Last week, at its AI Summit, Unity, a platform that aims to enable users to produce real-time 3D content, announced the launch of two new products designed to simplify training complex systems with AI: Unity Simulation Pro, a headless multi-GPU distributed rendering solution, and Unity SystemGraph, a node-based editor extension. The two products are designed to make it easier for engineers to test and analyze the capabilities of AI systems virtually -- that is, without having access to physical hardware. For instance, Unity Simulation Pro is built to enable developers to use distributed rendering to model and test systems faster than real-time independent of physical hardware, so they can iterate and test at a much higher rate. "Unity Simulation Pro is purpose built for building cutting-edge simulation applications. With this product we are enabling a future where we'll see more developers create and evolve autonomous systems, across different industries, at a quicker, safer, and more cost-effective rate," said Danny Lange, senior vice president of artificial intelligence at Unity.
Autonomous cameras allow live events, such as lectures and sports matches, to be broadcast to larger audiences. In this work, we review autonomous camera systems developed over the past twenty years. Quite often, these systems were demonstrated on scripted stage productions (typically cooking shows), lectures, or team sports. We organize the discussion in terms of three core tasks: (1) planning where the cameras should look, (2) controlling the cameras as they transition from one parameter configuration to another, and (3) selecting which camera to put "on-air"' in multi-camera systems. We conclude by discussing a trend towards more data-driven approaches fueled by continuous improvements in underlying sensing and signal processing technology.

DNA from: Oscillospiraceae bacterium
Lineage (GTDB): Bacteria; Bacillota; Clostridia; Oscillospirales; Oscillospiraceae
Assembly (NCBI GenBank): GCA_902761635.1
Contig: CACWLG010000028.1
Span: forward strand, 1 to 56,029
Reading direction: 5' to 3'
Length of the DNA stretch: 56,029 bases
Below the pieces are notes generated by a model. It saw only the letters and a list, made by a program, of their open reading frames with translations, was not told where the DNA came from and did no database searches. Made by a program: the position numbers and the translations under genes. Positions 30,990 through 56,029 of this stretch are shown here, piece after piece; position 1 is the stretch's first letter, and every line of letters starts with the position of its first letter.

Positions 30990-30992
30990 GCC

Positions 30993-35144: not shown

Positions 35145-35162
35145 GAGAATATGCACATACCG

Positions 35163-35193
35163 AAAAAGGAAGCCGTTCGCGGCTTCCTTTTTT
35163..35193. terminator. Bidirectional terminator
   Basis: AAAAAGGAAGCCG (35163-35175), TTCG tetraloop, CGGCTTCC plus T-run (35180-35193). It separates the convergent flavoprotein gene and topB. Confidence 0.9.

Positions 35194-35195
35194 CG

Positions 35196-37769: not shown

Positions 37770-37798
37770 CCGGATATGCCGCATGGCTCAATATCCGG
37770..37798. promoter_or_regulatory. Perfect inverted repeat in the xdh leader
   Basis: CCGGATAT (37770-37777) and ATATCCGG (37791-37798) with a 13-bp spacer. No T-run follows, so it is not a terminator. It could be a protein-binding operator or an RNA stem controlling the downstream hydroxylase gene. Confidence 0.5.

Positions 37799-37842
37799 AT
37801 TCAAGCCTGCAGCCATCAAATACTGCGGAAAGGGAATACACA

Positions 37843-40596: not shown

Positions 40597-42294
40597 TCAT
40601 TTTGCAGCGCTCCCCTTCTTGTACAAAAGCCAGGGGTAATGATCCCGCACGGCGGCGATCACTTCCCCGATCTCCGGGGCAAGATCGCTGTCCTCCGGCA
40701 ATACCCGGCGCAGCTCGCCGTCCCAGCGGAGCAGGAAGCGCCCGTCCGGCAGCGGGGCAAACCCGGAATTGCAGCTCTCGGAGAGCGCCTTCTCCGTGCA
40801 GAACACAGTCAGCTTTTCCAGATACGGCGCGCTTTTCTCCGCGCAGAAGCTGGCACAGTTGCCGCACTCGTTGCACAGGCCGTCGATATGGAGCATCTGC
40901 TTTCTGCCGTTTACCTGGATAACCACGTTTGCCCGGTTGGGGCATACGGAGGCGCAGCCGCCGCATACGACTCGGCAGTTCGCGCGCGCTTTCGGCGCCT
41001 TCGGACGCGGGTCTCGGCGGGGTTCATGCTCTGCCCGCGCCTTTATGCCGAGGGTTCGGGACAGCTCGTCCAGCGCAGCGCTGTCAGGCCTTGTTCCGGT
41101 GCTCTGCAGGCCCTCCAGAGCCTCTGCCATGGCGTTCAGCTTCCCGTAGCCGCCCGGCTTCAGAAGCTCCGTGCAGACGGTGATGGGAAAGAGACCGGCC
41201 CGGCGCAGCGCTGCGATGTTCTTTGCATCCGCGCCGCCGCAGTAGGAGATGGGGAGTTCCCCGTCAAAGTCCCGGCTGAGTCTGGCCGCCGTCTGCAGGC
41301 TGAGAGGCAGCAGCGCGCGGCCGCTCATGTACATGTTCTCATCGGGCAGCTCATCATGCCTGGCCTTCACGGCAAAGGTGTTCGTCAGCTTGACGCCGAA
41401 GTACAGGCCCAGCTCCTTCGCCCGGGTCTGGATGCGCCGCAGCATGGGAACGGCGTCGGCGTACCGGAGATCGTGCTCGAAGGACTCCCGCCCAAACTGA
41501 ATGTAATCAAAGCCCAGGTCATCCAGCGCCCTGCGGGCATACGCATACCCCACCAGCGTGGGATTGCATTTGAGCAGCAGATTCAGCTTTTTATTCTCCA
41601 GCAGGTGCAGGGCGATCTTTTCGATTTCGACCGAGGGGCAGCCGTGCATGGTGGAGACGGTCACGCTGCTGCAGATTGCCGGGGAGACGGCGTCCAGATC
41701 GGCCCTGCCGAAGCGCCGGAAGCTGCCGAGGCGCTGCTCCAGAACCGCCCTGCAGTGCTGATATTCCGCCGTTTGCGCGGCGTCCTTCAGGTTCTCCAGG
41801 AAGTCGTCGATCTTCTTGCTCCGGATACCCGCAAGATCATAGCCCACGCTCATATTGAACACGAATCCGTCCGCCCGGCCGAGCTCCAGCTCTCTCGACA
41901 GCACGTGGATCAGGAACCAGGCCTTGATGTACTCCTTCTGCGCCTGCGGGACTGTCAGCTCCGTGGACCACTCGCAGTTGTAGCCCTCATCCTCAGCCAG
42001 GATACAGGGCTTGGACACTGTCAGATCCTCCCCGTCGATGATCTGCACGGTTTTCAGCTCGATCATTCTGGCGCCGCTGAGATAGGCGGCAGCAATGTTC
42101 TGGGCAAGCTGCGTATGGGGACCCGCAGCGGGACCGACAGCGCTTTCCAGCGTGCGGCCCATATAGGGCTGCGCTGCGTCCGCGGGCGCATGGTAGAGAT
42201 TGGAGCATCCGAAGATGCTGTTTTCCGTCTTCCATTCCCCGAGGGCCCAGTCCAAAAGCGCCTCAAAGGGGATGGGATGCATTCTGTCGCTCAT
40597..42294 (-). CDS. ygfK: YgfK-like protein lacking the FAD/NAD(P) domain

You can use algorithms and apps to systematically analyze, design, and visualize the behavior of complex systems in time and frequency domains. Automatically tune compensator parameters using interactive techniques such as bode loop shaping and the root locus method. You can tune gain-scheduled controllers and specify multiple tuning objectives, such as reference tracking, disturbance rejection, and stability margins. Code generation and requirements traceability helps you validate your system and certify compliance.
Automated control systems were one of the most disruptive applications of industrial technology in the 20th century. The ability to control workflows and processes based on specific inputs and outputs streamlined even the most complex manufacturing processes. These systems, however, need specific parameters and, in some cases, require extensive human oversight and planning to ensure optimal execution. Innovations in AI training methodologies are pushing past these limitations to produce the next wave of disruption to industrial technology: autonomous systems. Autonomous machines do more than address the limitations of automated systems, however.